This paper reviews industrial policy in theory and historical practice. It makes the case for a fundamental reframing based on the centrality of data to the data-driven digital economy, the various roles that data plays in this economy (as a medium of digital transactions, as intangible capital and as infrastructure of a digitized economy), and the heightened scope for market failure in the data-driven economy. A number of points to guide the formation of industrial and innovation policy in the knowledge-based and data-driven digital economy are suggested. As part of their data strategies, countries should assess the market value of data generated in the exercise of public sector governance and data generated in Canadian public space; put in place procedures to capture data and regulate its capture; and use procurement to develop new capabilities in the private sector.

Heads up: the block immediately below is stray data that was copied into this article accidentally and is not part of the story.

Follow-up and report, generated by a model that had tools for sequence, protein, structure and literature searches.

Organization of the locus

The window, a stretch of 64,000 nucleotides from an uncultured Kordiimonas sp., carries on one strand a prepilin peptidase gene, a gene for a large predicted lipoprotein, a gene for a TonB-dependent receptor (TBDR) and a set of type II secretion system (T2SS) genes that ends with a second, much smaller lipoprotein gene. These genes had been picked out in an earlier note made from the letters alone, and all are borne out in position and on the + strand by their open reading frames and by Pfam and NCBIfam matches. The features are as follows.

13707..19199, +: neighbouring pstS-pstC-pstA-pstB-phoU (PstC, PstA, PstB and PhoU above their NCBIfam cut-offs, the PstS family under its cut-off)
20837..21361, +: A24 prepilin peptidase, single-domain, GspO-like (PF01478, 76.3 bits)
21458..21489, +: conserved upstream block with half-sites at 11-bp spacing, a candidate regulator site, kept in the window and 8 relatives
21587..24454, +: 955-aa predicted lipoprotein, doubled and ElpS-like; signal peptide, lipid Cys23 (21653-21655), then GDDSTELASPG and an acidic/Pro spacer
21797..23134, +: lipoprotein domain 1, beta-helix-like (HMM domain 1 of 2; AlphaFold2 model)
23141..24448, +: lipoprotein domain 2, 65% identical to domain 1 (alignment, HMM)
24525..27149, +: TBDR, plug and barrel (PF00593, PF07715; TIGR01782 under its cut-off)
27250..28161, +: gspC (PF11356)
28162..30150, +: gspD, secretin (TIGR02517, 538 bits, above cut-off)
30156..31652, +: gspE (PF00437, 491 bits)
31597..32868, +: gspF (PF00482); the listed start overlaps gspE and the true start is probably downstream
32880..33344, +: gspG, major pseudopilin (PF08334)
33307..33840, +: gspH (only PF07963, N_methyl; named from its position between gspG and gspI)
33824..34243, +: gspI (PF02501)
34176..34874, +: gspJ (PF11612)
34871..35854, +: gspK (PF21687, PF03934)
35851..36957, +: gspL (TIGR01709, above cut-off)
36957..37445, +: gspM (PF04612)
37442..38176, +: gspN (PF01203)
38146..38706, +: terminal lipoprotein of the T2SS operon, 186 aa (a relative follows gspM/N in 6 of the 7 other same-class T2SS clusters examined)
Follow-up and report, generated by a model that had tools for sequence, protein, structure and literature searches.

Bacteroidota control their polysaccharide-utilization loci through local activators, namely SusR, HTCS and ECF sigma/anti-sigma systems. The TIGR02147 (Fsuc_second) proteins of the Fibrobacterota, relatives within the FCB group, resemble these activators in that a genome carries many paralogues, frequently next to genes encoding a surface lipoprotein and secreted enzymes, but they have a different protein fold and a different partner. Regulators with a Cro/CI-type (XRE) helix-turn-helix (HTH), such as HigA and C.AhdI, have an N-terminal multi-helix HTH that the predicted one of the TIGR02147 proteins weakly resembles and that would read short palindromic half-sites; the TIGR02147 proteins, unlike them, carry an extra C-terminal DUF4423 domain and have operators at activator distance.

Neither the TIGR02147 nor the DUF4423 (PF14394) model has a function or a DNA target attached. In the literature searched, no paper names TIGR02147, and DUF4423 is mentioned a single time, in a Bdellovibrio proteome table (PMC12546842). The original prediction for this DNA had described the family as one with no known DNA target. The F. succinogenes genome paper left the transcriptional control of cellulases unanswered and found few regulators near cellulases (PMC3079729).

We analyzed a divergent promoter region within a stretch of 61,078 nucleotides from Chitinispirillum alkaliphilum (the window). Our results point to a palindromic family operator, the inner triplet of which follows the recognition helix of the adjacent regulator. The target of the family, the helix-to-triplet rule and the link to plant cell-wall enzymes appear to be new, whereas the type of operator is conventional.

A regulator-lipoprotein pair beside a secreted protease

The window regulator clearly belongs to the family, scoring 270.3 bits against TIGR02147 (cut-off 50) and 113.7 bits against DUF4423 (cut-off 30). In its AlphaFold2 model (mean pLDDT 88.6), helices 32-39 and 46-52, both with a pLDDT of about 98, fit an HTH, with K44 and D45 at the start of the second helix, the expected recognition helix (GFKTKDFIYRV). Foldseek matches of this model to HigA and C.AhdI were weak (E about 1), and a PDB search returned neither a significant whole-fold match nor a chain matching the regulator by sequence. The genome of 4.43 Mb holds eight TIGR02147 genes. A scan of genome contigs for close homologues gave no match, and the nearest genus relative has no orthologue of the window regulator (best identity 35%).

Rethinking Industrial Policy for the Data-driven Economy
CIGI Paper No. 192